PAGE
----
Director: Liesl Tommy (USA, Canada). Year of Release: 2021
Detroit, 1952. A ten year old girl is taken out of bed and asked to join a family party. There’s Aunt Ella and Uncle Duke. Later she’ll meet Uncles Smokey and Martin (Luther King). And the man asking the girl to perform is the Reverend C.L.Franklin – at the time famous in his own right but now better known by most as the father of Aretha.
Shortly afterwards, at a similar party, a creepy looking man stands at Aretha’s bedroom door. He asks if she has a boyfriend. Of course not, she’s only ten. “I could be your boyfriend”, he says, entering the room and closing the door behind him. This makes you think that this won’t be the usual sanitized biopic and we’ll be confronted by the real abuse that Aretha suffered. But though she does have a child at the age of 13, we don’t learn anything about its conception.
There are generally 2 types of musical biopics. There are those – usually about male artists or groups – which follow the protagonists’ rise to fame before they destroy themselves through drink, drugs and the rock star lifestyle. Then there are the women who have a natural talent, but they are either prevented from realising this talent by manipulative men, or it is beaten out of them.
Respect is, in a sense, both types of film. We see interminable shots of Aretha being intimidated by overbearing men. She is hit, and regularly bullied by her father, her husband and record producers. But also, as she attains fame and success, the abuse that she receives drives her to drink. Rather than blaming her abusers, she – and those around her – attribute her drinking, and basic cussedness, to her “demons”.
The effect is one of infantilising Aretha – of making her incapable of changing what Is happening to her. The opening scenes of the 10 year old girl who is cajoled by her father to sing at his parties and church services, who is traumatised every time her mother visits and has to leave, who is raped off screen, show the Aretha who is depicted throughout the film – a victim, but someone who is offered no alternative to victimhood.
There is one exception to this. The film’s depiction of politics is always slightly ambiguous. Reverend Franklin preaches Civil Rights – as befits a friend of Dr. King. Yet the main message of his service is that we can endure injustice because God will protect us (a strategy that didn’t do too well for King). He manages to simultaneously preach defiance and acceptance of how things are.
In an early scene, the Reverend and his daughter are in Alabama supporting the struggle. Aretha is singing in benefit concerts. But at the whiff of agitation, her father takes her back to Detroit. Later on, when she has arranged to go South to play a solidarity concert for SNCC, he informs her that this is impossible as he’s booked a studio for her in New York.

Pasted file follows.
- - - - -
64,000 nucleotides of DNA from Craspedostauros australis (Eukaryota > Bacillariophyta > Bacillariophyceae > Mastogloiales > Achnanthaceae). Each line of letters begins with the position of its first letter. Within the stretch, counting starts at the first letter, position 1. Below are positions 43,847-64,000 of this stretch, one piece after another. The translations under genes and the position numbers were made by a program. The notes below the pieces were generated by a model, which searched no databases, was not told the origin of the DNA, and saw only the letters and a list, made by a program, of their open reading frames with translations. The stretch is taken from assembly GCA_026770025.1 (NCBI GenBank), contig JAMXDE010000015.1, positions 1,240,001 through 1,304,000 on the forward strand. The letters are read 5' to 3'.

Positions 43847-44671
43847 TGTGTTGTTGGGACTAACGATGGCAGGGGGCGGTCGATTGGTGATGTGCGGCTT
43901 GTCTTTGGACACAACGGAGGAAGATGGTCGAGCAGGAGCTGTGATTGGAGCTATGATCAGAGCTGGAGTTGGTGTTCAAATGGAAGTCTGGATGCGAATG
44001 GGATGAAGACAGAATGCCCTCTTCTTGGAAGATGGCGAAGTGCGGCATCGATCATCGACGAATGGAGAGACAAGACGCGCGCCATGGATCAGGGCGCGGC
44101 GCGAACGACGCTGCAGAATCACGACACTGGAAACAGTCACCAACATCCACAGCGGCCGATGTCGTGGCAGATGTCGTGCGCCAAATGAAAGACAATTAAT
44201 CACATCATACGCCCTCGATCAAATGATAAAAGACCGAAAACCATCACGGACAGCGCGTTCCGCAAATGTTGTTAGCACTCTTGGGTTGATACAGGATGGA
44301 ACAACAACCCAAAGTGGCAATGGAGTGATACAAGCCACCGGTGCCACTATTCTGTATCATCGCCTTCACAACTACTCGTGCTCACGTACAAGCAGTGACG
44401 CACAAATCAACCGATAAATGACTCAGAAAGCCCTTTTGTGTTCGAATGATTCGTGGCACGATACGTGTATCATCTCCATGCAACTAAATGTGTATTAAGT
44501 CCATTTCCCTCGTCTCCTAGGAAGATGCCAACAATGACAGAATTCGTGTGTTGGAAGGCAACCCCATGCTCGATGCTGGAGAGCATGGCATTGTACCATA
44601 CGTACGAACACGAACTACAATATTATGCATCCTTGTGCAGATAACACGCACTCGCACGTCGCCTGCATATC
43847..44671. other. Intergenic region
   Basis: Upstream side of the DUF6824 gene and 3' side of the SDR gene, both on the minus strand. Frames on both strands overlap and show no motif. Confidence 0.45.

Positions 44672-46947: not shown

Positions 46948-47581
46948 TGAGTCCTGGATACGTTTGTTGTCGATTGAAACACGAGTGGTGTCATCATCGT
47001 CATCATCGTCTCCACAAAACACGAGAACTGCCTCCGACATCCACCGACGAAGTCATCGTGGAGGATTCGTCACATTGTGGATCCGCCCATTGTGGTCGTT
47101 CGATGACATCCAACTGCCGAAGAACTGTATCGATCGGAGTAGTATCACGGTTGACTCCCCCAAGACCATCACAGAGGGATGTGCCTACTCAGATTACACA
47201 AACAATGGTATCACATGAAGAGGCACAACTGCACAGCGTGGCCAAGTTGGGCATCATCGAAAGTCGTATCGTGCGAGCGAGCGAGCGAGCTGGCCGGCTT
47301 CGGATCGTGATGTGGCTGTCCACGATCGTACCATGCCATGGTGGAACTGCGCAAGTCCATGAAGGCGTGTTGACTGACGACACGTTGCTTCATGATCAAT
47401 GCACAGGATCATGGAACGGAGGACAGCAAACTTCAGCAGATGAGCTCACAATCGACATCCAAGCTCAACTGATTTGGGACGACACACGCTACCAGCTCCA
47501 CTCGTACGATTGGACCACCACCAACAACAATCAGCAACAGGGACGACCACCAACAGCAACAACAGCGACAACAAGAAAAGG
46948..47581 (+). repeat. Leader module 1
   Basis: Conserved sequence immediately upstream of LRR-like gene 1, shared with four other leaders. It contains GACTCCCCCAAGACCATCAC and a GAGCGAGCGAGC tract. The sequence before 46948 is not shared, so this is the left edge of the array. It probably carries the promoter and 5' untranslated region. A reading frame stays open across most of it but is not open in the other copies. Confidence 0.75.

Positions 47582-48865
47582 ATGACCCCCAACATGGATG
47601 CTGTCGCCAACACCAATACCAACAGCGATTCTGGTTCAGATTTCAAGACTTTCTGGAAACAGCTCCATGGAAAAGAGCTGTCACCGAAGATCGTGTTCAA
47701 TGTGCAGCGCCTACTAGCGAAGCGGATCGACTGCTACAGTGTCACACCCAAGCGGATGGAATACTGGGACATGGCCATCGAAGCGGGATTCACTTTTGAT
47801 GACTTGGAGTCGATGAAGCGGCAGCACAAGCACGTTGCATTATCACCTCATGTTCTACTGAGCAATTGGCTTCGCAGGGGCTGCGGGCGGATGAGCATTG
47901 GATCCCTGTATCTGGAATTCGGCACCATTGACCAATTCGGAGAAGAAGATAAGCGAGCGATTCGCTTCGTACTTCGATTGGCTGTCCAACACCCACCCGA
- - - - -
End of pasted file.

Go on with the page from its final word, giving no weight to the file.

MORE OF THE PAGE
Until we come to the exception. King is shot dead in Memphis. Aretha gets more militant, growing an Afro and speaking out in support of the wrongly imprisoned Angela Davis. There is a staged scene in a restaurant where the Reverend Franklin preaches non-violence and Aretha tells him that this strategy no longer works. Finally, she is speaking up for herself.
In the very next scene, friends and family members make an intervention. Not about Aretha’s increased politicisation – this is never mentioned again. Instead this is the point where the film chooses to announce that, largely as a result of her heavy drinking, Aretha has started to take crazy decisions. Consciously or not, the intimation is that there is a connection between Aretha speaking up for herself and other people, and her (self-)destruction.
And then the film ends, shortly afterwards, at the 1972 “Amazing Grace” concert the New Temple Missionary Baptist Church, subject of a documentary which was made at the time but released only recently. Suddenly Aretha finds God and conquers all her demons. The remaining 46 years of her life appear in a few end credits. It’s a point of view, albeit one which doesn’t correspond with reality. For the rest of her life, she continued to arbitrarily cancel concerts.
This is a well-acted film which could work very well as a Sunday afternoon tv movie. It raises small controversies before papering over their consequences. It has an admirable selection of Good Guys and Bad Guys. And it has ridiculous lines there only to help the exposition like “that’s me, Dinah Washington”. And at 2 ½ hours, it is WAY too long.
And yet, no film with a soundtrack like this could be bad. The concert footage is great and the songs are as memorable as ever. This is not enough to save the film, but it is one small reason to give it a go.